The fire was not as bad as it could have been. Fortunately the nuclear reactor had apparently already been removed. So the fire has not been categorized as a nuclear accident. And the torpedoes and missiles had also been unloaded so there was no risk of them exploding.

Many core systems, such as the combat system and sonar, had also been removed. So if the hull can be saved, then returning her to service is at least feasible. But everything seems to depend on whether the hull itself has been weakened.

June 15, 2020 Posted by | General News | Leave a comment

Fast-growing mini-forests spring up in Europe to aid climate

June 15, 2020 Posted by | General News | Leave a comment

June 14 Energy News — geoharvey

Opinion: ¶ “Why We’re Overweighting Renewable Energy” • With the tentative return of demand, West Texas Intermediate oil just posted its best month on record in terms of price percentages. But some analysts say global oil demand may never fully recover. I believe this makes alternative and renewable energy a more attactive long-term investment. [ETF […]

via June 14 Energy News — geoharvey

June 15, 2020 Posted by | Uncategorized | Leave a comment

Australia is one of world’s worst transport polluters: Covid-19 response could change this — RenewEconomy

 

ClimateWorks report says national EV strategy needed to cut transport emissions, and push for quieter, healthier and cleaner cities. The post Australia is one of world’s worst transport polluters: Covid-19 response could change this appeared first on RenewEconomy.

via Australia is one of world’s worst transport polluters: Covid-19 response could change this — RenewEconomy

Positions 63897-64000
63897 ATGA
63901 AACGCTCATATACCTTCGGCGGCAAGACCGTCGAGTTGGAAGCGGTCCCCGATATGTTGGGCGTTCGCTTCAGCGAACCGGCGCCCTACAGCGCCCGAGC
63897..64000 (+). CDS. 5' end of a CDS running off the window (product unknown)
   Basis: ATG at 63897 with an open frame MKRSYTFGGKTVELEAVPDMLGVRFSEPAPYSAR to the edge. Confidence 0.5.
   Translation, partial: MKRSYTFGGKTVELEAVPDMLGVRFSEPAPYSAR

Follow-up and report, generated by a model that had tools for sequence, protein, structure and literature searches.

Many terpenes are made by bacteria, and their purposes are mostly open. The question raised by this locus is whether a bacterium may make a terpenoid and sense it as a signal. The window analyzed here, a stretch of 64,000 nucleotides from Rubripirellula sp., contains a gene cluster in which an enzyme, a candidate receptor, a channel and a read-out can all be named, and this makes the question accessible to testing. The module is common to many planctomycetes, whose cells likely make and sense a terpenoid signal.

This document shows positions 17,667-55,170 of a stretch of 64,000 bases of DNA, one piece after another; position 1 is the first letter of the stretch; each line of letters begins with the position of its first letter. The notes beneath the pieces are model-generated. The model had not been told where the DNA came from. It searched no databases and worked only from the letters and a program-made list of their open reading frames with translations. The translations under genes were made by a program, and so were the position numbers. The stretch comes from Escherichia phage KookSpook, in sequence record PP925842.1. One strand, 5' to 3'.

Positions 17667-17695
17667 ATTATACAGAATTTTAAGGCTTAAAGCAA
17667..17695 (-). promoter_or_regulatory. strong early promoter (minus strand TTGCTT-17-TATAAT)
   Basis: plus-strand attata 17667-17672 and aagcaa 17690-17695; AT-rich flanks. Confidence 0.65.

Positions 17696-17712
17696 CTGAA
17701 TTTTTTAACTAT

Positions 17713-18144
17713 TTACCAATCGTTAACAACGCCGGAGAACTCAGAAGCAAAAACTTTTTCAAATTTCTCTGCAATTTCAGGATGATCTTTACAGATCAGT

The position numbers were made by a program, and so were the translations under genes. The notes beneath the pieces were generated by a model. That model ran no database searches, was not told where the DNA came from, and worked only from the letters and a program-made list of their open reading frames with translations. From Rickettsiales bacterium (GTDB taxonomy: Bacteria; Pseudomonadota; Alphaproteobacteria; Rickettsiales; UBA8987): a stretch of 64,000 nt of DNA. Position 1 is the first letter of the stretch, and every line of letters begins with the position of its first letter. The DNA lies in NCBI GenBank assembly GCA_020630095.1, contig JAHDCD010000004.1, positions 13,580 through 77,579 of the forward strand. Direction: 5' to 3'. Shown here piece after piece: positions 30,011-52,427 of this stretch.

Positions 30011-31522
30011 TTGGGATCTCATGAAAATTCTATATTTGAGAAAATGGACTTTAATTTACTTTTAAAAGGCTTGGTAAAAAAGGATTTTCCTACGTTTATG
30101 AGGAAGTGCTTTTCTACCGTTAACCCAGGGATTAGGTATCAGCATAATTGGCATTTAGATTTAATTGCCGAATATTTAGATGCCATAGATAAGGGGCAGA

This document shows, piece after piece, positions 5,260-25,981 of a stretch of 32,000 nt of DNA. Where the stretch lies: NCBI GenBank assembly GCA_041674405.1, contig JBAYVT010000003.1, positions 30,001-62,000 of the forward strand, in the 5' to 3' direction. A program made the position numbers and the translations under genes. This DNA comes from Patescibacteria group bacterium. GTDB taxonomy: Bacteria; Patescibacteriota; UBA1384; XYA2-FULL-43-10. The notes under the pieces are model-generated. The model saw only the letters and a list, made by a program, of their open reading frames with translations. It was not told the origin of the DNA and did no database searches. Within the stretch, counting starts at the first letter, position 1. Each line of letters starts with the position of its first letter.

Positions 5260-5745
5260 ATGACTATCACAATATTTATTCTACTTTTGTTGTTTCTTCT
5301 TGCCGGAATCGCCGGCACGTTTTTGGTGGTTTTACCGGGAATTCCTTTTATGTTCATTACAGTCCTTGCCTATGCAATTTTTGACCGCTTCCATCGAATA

June 15, 2020 Posted by | Uncategorized | Leave a comment

How community-owned renewables could lead Australia’s Covid-19 recovery plans — RenewEconomy

Independent MP Helen Haines leading regional groups arguing community energy – including wind, solar and battery storage – should form major plank of Covid-19 recovery plans. The post How community-owned renewables could lead Australia’s Covid-19 recovery plans appeared first on RenewEconomy.

via How community-owned renewables could lead Australia’s Covid-19 recovery plans — RenewEconomy

June 15, 2020 Posted by | Uncategorized | Leave a comment

Four ways a smart government can create jobs and cut emissions — RenewEconomy

 

Done well, post-Covid government spending can make Australia’s economy more productive, improve quality of life and help the low-carbon transition. Here’s how. The post Four ways a smart government can create jobs and cut emissions appeared first on RenewEconomy.

via Four ways a smart government can create jobs and cut emissions — RenewEconomy

June 15, 2020 Posted by | Uncategorized | Leave a comment

Adani news, June 2020 — John Quiggin

Amid the coronavirus pandemic, the climate crisis rolls on, slowed a bit by the economic impact of travel restrictions. The campaign to stop carbon dioxide emissions, including those from the Adani Carmichael project, has to continue as well.It’s now almost a year since Adani Mining gained the final environmental approvals for the construction of the…

via Adani news, June 2020 — John Quiggin

June 15, 2020 Posted by | Uncategorized | Leave a comment